Be patient while watching the video below and you’ll see the zebras cross the road right in front of our jeep.

We saw tons of other animals on our safari, like the warthog pictured below, but not any of the big cats. That came later on safari in Kruger Park.

By the way, much is made of seeing the “big five,” which includes the African lion, leopard, rhino, elephant, and Cape buffalo. Between both of our safaris, I was fortunate to see all of these animals (I briefly saw the elusive leopard from a distance as it ran into the brush – the hardest to find of the big five – but wasn’t fast enough to get a photo.) If there is a sighting of a leopard or lion, guides let each other know and you’ll find yourself suddenly racing down dirt roads with much excitement to the spot. But I was just as thrilled to see beautiful animals like the Nyasaland big horned deer pictured below.

One of the special moments on our trip was visiting a rural school. We had the option of donating school supplies we brought from home, which we were happy to do. The children were so excited to see us, full of hugs and smiles, and curious about us (for example, they kept touching my hair which was different from theirs).


After visiting a glass factory, where we watched talented glass blowers create African animals and glassware made from recycled glass collected by local children, we visited a cultural village to learn more about their traditions and customs.

Note in the video below how grandparents rule in a traditional village. Awesome!

We also enjoyed traditional dance and song performances.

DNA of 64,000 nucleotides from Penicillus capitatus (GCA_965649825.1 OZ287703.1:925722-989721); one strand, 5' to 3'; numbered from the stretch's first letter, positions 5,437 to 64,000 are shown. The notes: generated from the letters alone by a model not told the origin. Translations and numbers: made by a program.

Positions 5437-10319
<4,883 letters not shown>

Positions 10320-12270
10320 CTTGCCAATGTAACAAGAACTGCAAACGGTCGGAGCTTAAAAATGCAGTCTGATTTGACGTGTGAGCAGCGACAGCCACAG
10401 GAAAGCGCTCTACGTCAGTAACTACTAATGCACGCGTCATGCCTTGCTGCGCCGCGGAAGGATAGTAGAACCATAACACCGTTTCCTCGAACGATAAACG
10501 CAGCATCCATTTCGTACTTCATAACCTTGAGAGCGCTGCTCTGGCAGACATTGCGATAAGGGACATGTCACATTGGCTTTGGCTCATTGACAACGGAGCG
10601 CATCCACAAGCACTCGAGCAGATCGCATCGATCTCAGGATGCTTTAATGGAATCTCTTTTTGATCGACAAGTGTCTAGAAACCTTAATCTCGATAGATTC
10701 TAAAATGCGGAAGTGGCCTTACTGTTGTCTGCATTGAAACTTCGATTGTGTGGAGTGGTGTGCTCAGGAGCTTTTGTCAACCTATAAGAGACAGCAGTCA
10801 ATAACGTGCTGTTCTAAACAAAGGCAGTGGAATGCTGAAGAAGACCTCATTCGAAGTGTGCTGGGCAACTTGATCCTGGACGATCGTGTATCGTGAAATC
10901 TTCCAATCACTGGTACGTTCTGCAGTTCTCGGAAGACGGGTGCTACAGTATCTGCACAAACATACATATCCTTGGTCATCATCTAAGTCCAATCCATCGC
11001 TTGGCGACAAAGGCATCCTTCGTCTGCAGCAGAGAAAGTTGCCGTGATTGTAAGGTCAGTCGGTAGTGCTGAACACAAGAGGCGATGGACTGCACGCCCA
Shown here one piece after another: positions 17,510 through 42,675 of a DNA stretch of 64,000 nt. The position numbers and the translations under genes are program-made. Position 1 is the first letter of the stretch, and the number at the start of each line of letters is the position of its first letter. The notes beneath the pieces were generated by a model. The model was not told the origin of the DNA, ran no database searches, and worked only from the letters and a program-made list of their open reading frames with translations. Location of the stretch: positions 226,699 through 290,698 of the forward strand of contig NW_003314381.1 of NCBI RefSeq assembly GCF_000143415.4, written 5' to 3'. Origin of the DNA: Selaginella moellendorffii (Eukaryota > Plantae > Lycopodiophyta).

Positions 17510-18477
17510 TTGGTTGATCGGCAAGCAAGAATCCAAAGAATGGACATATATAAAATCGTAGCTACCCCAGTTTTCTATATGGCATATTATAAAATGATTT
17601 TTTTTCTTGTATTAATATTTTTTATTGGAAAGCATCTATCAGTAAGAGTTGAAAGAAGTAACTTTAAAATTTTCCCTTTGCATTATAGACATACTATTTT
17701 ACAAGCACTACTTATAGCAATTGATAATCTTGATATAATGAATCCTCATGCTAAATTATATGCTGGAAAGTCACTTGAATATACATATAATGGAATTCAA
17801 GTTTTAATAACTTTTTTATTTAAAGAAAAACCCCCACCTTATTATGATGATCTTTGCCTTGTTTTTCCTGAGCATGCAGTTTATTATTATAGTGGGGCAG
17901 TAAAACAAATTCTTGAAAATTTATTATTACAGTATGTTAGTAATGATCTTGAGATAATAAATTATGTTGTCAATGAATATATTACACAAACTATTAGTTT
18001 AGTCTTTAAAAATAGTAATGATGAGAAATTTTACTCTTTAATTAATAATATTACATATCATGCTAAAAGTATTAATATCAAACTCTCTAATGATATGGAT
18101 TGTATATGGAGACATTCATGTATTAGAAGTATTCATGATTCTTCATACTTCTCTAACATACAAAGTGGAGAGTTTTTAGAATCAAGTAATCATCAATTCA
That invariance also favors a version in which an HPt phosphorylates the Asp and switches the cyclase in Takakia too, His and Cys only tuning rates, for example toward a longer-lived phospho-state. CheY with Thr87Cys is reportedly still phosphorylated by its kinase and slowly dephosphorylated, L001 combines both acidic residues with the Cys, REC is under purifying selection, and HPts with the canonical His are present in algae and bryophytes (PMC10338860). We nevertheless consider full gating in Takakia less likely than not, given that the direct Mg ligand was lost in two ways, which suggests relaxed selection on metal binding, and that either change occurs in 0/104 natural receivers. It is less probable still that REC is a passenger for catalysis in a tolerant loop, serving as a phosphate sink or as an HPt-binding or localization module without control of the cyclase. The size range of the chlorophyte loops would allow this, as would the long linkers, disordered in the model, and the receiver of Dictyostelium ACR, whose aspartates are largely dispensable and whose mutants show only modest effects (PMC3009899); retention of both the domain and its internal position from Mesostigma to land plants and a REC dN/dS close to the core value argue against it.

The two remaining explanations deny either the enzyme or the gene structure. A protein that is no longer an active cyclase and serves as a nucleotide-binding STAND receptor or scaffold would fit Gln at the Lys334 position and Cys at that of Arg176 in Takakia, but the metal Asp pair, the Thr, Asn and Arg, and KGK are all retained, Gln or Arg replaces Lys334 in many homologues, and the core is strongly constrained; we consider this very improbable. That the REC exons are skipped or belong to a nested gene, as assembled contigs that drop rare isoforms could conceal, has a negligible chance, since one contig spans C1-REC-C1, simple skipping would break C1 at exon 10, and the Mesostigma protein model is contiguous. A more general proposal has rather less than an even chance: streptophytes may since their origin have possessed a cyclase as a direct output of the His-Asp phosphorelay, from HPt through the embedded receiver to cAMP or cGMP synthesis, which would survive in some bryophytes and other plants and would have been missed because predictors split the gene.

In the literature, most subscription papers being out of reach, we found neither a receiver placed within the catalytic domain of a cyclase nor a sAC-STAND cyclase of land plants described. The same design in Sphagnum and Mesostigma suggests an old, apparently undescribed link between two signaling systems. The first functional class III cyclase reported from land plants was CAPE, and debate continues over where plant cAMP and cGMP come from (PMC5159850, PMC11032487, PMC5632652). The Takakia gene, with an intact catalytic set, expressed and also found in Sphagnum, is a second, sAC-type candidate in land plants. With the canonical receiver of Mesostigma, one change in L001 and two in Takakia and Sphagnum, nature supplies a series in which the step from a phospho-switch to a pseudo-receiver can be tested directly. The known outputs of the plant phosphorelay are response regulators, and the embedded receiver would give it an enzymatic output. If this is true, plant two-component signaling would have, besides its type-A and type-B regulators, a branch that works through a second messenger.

Day #7: – Kruger National Park Game

Pictures speak louder than words when it comes to the wonder of a safari in this famous game reserve.

People ask if we used a zoom lens with the lion pictured below, and the answer is we really didn’t need one. Sure, we zoomed up a bit with our cameras, but in reality the lion was only about 15 feet from our jeep. Once again, we did not feel endangered. Our guide explained that the lion was injured, apparently from fighting over a female. On top of that, it was mating season. Did you know that a lion can mate up to 100 times in one day? Neither did I! Naturally, the lion was very tired and was actually asleep when we first arrived. After waiting for about 10 minutes, he awoke and lazily strolled off to lay down near a female. 

Check out the cute baby baboons on their parents’ backs in the video below. Adorable!

These monkeys were cute, but super aggressive when trying to steal your lunch.

Zebras were everywhere.




This was our charming breakfast view from Hazyview before we started our long drive to Johannesburg (fondly referred to by Africans as Joburg).

We stopped at Bourke’s Luck Potholes, a series of waterfalls and distinctive rock formations. If you enjoy photography, like my husband in the photo below, Africa is paradise!